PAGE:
As you hold this in your hands, you might be stressed by the many irritations of a long harvest, or the queries of your kids who are having a hard time adjusting to their new dynamics at school.
What would it look like if you could find a tool to help you understand yourself better, and make your farm team more harmonious? This year I’ve added Ken Keis’s book “Why aren’t you more like me?” to my coaching toolbox, along with the personality style assessments his company CRG offers.
Ken Keis grew up on a dairy farm, so he can relate to the intricacies of the farm family conflicts inherent in working and living so close together. Ken’s thirty years of consulting with personality style assessments has made him a world leader in a tool that really has brought my farm family clients to attention.
“Elaine, I wished we would have done this 30 years ago”, says the cattleman who now understands his son is not angry, just really expressive with his body and emotions as he gets his points across.
“Wow, no wonder Mom is the best at the books, she is so high for details (cognitive analysis), now I understand why we frustrate her when we don’t give her the receipts on time.”
“Yes, this is my dad you are describing, his need to get things done (behavioural action) is twice as intense as the next generation’s!”
As a farm family coach, I am using the Personality Style Indicator (PSI) as tool to help families understand their differences in style. This affects how they impact their environment, view time, people and things. Some folks are more task focused, and some are more people focused. It also relates to those of us who are verbal, and the non-verbal types.
Farm women typically are seen as the “thoughtful” style, with a high degree of interpersonal harmony needs. They are also usually “practical” and “balanced” in their style. But we are all different.
Why is this important?
– less irritation: When you understand your bent towards getting things done on the farm (tasks) and how you interact with people, you will not irritate each other so badly. You will actually understand what stresses the other person out, and learn to adapt your expectations of them. When our family did the assessment this summer, we sat down as a group to discuss what we had discovered about our tendencies. This gives us a lot more patience instead of triggering anger.
–appreciation of your self and others. : Lack of appreciation on farms is a huge problem in the human side of agriculture. When you understand that someone has a high score for interpersonal harmony, but you don’t, you can make adjustments in your speaking and your actions. My style is influential which means I “treat people with more sensitivity that many businesspeople who focus on results but tend not to notice the feelings of others.”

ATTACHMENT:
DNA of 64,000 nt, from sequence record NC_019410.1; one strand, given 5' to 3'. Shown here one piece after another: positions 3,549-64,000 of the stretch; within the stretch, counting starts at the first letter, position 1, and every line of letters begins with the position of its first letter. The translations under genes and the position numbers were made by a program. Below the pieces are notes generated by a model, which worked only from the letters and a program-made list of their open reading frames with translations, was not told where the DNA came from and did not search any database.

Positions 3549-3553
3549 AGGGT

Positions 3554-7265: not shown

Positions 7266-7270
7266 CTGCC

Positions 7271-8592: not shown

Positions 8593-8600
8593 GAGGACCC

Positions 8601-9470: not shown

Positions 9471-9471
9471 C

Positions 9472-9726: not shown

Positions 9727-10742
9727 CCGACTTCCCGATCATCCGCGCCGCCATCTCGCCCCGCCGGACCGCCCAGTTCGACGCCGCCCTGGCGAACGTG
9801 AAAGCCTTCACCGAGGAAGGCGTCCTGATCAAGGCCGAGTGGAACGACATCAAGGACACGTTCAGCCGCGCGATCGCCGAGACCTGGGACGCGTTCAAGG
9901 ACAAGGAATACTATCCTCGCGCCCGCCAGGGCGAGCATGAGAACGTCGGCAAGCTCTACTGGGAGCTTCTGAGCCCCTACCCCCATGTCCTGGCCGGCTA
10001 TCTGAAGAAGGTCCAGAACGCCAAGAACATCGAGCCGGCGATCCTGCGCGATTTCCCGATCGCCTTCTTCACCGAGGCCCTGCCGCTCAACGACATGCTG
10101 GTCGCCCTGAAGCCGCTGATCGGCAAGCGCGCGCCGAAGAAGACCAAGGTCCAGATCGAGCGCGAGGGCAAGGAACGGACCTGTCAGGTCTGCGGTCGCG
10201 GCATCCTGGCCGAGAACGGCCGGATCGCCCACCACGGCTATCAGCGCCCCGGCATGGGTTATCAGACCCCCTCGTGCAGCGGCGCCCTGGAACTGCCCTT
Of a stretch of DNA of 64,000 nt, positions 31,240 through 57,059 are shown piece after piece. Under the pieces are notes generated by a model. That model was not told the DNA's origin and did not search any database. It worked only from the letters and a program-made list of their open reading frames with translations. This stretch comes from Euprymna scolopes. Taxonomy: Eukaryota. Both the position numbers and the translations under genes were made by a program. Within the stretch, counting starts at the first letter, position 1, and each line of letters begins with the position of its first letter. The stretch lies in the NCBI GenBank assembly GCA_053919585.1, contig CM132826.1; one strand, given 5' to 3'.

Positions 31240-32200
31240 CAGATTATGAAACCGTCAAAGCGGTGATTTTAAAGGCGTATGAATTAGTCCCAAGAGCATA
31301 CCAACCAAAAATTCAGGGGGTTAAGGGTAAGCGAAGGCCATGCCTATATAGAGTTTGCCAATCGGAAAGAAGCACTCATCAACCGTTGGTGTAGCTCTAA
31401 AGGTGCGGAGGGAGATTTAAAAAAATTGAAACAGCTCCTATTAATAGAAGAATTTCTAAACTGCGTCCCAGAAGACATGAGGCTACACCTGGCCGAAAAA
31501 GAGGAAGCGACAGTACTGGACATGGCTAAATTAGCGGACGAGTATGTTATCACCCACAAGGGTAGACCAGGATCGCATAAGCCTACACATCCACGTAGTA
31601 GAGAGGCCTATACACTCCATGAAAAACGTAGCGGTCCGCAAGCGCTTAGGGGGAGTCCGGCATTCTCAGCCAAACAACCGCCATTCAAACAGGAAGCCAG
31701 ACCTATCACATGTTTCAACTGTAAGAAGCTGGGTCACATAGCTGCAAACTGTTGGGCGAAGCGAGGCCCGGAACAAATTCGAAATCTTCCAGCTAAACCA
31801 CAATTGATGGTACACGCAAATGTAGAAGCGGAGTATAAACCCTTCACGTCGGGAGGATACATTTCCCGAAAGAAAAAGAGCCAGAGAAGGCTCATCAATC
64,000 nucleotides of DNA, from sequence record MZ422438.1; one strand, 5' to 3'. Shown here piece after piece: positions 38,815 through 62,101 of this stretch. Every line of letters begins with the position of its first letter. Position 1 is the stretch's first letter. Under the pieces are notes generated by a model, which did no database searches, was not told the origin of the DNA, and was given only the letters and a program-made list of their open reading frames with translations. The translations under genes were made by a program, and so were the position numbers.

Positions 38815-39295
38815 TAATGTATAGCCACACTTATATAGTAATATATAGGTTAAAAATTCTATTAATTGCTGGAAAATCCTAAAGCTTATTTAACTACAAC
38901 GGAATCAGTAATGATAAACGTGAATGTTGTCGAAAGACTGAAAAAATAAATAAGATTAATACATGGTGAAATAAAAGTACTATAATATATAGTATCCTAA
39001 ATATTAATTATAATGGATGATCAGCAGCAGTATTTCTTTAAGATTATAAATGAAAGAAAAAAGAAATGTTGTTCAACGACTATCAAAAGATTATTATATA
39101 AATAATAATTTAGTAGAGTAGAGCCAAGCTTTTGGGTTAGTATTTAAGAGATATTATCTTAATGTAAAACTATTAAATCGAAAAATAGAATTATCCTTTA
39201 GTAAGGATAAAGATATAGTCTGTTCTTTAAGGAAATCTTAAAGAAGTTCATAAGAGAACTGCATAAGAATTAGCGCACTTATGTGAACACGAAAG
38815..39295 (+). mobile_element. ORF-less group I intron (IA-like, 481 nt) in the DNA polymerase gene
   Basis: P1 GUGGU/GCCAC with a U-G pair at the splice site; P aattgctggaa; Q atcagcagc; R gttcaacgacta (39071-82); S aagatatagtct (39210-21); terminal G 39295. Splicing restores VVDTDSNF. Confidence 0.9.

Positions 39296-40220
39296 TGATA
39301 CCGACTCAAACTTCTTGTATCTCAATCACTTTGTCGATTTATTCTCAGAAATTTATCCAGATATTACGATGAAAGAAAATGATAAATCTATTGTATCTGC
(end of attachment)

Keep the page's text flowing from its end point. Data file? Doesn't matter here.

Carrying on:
–stop feeling offended and emotionally hooked. Many folks laugh when I tell the story of my husband watching me cry. He questions me with : “Is this about me?”
If my response is “No.” Then he says, “have a good cry.” Many times farm families are “driving each other crazy” with assumptions and emotional triggers that don’t have a sound base of reality. When you understand the personality styles of your farm team you get to know that what is offensive to you, might not even register on their emotional radar ! So you begin to ask better non-threatening questions like “What does this mean to you, or is this true for you?” You are also able to have tough conversations that come from curiosity and not judgment, which is a very good conflict resolution strategy.
–select the right job style for yourself. My score for cognitive analysis would be considered low at 23, which is why I , as a “good” farm wife have never and will never do the books. Back in l995 when I started writing this column, the income was designated for a hired book keeper who did score high on “C”, someone who acts cautiously to avoid errors, engages in critical analysis, and wants to insure the books balance. Ken’s company www.crgleader.com also offers a job style indicator, so that you can insure that the personality style of your employee or team member is well suited to the job’s tasks and responsibilities.
–We’re happier when we live our lives based on our core values. I know that I value spirituality, independence, creativity, honesty, and integrity. I also did a values test with Ken’s group. What causes stress in farm families is when core values are not aligned with actions of the farm team. If you value family harmony, then why are you not talking to resolve your conflicts ? If you value honesty, then why are people not being held accountable for unethical actions?
Style assessment is complex, yet when it is approached in a systematic manner, it becomes more manageable and offers you a tool for increased clarity in self-understanding and improved relationships. I am certain that many farm families would benefit from adding a PSI to their tool box. You can go to my website to www.elainefroese.com/contact to request coaching , and to set up a call to learn more about the PSI. You can also go to www.whyarentyoumorelikeme.com to order the book, which comes with one free assessment ($30 book, assessment is valued at $45). The e-book is under 20 dollars.
Is it worth 30 bucks to start improving relationships on your farm ? YES!!
Ken Keis says that it makes intuitive sense that if you understand your personal style preferences, and why you respond the way you do to others, you will generally increase the chances of reaching your potential, personally, and on the farm. I agree.
If you are a farm advisor, you might want to sign up for October training to use the assessment. As farms get larger, with more employees to manage, folks need tools in their HR (human resources) box. Enjoy your team!